Spice makes it easy for developers to build apps that learn and adapt by streamlining the use of machine learning (ML) in software. Combined with time-series data, developers can create applications that continuously improve using ML recommendations.

Spice takes a developer-first approach, and is focused on a fast, iterative, inner development loop, enabling developers to get started with ML in minutes instead of months.

📢 Read the Spice announcement blog post at blog.spiceai.org.

📺 View a getting started walkthrough of Spice in action here.


The Spice runtime is written in Golang and Python and runs as a container or microservice. It’s deployable to any public cloud, on-premises, and edge. It is configured with a simple manifest and accessed by HTTP APIs.

Spice includes:

  • A lightweight, portable ML runtime accessible by simple HTTP APIs, allowing developers to use their preferred languages and frameworks
  • A dashboard to visualize data and learning
  • A developer-friendly CLI
  • Simple, git-committable, configuration and code

Community-Driven Data Components

Spice also includes a library of community-driven data components for streaming and processing time series data, enabling developers to quickly and easily combine data with learning to create intelligent models.

Spicepod registry

Modern developers build with the community by leveraging registries such as npm, NuGet, and pip. The Spice platform includes spicerack.org, the registry for ML building blocks.

As the community shares their ML building blocks (aka Spicepods, or pods for short), developers can quickly add them to their Spice.ai applications enabling them to stream data and build learning into their applications quickly and easily. Initially, Spicepods contain simple definitions of how the app should learn, and eventually will enable the sharing and use of fully-trained models.

Why Spice.ai?

Spice.ai is for developers who want to build intelligent applications but don’t have the time or resources to learn, build and integrate the required ML to do so.

Imagine you have timestamped measurements of the room temperature and access to air-conditioning controls. If you had a time-series ML engine, your application could optimize when the A/C activates. You could reduce energy usage by not overcooling the room as the temperature drops.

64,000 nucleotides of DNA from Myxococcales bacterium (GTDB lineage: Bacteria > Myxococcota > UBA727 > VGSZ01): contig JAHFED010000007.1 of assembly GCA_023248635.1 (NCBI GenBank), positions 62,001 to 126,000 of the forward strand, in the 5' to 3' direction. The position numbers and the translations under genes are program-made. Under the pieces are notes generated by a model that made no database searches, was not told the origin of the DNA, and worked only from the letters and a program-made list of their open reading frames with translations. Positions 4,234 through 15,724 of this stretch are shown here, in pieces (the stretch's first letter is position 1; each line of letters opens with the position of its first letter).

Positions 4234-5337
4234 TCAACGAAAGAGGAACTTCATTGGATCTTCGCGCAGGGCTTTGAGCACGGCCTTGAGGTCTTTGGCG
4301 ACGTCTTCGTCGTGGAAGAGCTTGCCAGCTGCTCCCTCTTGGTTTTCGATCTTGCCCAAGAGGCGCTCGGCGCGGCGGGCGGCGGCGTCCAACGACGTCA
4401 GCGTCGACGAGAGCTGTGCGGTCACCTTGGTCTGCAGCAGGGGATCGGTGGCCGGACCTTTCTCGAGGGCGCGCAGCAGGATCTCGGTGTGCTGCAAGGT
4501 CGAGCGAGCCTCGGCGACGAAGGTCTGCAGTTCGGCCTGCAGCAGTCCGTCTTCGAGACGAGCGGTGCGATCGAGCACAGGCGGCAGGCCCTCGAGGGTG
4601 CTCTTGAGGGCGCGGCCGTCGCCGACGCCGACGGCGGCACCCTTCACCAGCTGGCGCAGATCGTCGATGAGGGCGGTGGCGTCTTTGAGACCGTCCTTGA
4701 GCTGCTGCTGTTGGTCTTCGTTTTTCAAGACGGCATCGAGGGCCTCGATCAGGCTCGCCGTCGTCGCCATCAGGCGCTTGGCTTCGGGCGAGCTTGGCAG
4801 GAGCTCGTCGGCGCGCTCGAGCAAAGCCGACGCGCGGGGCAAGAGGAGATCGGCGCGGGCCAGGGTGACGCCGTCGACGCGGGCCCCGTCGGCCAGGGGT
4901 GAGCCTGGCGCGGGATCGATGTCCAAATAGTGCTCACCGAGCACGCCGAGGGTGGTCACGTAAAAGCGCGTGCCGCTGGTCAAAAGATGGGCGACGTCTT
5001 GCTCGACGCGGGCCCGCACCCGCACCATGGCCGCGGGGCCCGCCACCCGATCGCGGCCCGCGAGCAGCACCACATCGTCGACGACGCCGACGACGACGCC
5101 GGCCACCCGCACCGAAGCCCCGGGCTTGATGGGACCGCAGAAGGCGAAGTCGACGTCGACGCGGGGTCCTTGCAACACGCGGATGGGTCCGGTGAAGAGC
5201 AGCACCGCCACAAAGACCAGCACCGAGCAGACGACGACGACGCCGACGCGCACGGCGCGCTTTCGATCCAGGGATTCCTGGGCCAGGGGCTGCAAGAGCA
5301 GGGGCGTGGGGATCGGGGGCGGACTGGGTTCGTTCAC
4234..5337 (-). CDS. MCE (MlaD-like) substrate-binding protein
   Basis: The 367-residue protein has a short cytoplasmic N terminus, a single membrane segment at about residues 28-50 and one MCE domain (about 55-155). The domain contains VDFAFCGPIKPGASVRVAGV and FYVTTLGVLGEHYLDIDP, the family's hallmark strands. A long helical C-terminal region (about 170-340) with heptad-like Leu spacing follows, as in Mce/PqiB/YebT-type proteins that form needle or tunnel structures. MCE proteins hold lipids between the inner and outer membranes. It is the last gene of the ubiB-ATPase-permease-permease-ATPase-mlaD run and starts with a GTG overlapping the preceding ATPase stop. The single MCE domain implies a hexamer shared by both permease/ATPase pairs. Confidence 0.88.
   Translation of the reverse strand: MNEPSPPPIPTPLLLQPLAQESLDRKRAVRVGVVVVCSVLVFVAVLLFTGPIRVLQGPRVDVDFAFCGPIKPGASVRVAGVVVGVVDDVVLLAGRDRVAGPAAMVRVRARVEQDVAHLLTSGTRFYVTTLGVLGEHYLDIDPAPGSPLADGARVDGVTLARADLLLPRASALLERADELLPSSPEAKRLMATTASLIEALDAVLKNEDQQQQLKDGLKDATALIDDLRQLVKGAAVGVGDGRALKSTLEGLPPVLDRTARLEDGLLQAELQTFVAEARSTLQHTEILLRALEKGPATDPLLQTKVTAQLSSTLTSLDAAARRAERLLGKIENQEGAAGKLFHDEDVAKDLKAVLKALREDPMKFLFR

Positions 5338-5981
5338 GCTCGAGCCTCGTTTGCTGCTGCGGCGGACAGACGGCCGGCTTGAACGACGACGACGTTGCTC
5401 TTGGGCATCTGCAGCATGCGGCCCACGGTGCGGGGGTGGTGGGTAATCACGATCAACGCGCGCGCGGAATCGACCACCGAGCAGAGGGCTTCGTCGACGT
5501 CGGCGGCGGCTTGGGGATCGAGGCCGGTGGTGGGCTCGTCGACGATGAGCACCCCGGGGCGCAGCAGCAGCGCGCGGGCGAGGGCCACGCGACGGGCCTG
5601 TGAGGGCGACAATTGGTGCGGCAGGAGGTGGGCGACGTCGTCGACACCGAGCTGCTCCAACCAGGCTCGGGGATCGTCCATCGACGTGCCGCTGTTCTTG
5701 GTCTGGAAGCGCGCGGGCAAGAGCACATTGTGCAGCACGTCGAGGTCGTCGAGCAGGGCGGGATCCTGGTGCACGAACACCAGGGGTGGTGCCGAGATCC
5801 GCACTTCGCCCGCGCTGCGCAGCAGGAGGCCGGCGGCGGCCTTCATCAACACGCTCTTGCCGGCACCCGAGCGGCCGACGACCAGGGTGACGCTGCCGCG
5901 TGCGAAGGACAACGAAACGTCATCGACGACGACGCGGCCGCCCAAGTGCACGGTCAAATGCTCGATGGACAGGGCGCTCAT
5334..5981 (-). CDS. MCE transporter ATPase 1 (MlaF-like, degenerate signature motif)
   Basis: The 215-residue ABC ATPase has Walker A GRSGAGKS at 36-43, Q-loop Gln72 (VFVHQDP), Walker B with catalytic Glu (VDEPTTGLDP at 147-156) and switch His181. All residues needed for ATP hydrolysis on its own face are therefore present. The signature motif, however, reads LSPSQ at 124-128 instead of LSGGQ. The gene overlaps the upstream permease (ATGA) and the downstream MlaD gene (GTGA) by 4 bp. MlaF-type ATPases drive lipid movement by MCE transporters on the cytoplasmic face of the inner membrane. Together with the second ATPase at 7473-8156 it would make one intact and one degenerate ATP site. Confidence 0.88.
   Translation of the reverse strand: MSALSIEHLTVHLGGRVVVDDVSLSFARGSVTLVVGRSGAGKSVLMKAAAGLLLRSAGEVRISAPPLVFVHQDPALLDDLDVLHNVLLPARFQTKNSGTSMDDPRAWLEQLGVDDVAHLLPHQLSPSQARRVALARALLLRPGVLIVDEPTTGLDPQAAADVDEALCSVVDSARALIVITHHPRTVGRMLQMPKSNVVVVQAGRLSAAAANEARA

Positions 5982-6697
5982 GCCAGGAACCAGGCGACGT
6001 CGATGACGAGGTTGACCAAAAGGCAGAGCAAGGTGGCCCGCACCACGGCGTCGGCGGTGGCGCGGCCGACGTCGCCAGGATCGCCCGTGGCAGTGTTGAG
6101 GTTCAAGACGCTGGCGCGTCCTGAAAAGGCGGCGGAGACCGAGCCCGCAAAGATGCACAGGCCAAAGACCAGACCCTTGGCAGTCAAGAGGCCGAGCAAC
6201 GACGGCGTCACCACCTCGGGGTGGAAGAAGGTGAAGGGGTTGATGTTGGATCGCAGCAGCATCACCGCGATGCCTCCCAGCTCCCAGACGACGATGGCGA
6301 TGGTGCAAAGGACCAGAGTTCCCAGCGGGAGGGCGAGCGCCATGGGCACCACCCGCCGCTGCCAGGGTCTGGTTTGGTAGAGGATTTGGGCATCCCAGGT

Now imagine learning Python or R, neural networks, deep-learning algorithms and building a system that streams and processes time-series data to do that. With Spice.ai — which includes a time-series ML engine accessible over HTTP APIs, a library of community-driven components for data streaming and processing, and an ecosystem of pre-created ML configurations — you can build upon the experience of the community instead of doing it all yourself. You can focus on business logic and building your application instead of the ML.

Pre-release software

⚠️ The vision to make it easy to build intelligent applications that learn is a vast undertaking. We haven’t figured it all out or solved all the problems yet, so we’re inviting you on this journey and are looking for feedback the direction.

Spice.ai and spicerack.org are both pre-release, early, alpha software. Until v1.0, Spice.ai may have gaps, including limited deep learning algorithms, training-at-scale, and simulated environments. Also, Spicepods aren’t searchable or listed on spicerack.org yet.

Our intention with this preview is to work with developers early to define and create the developer experience together. 🚀 See the Roadmap to v1.0-stable for upcoming features.

Join us!

We greatly appreciate and value your support! You can help Spice.ai in a number of ways:

We’re also starting a community call series soon!

Thank you for sharing this journey with us. 🙏



Learn about Spice.ai concepts and terminology.

Getting started

How to get up and running with Spice.ai in your environment in minutes.


Documentation on the Spice.ai CLI.


Reference documentation on the Pod specification.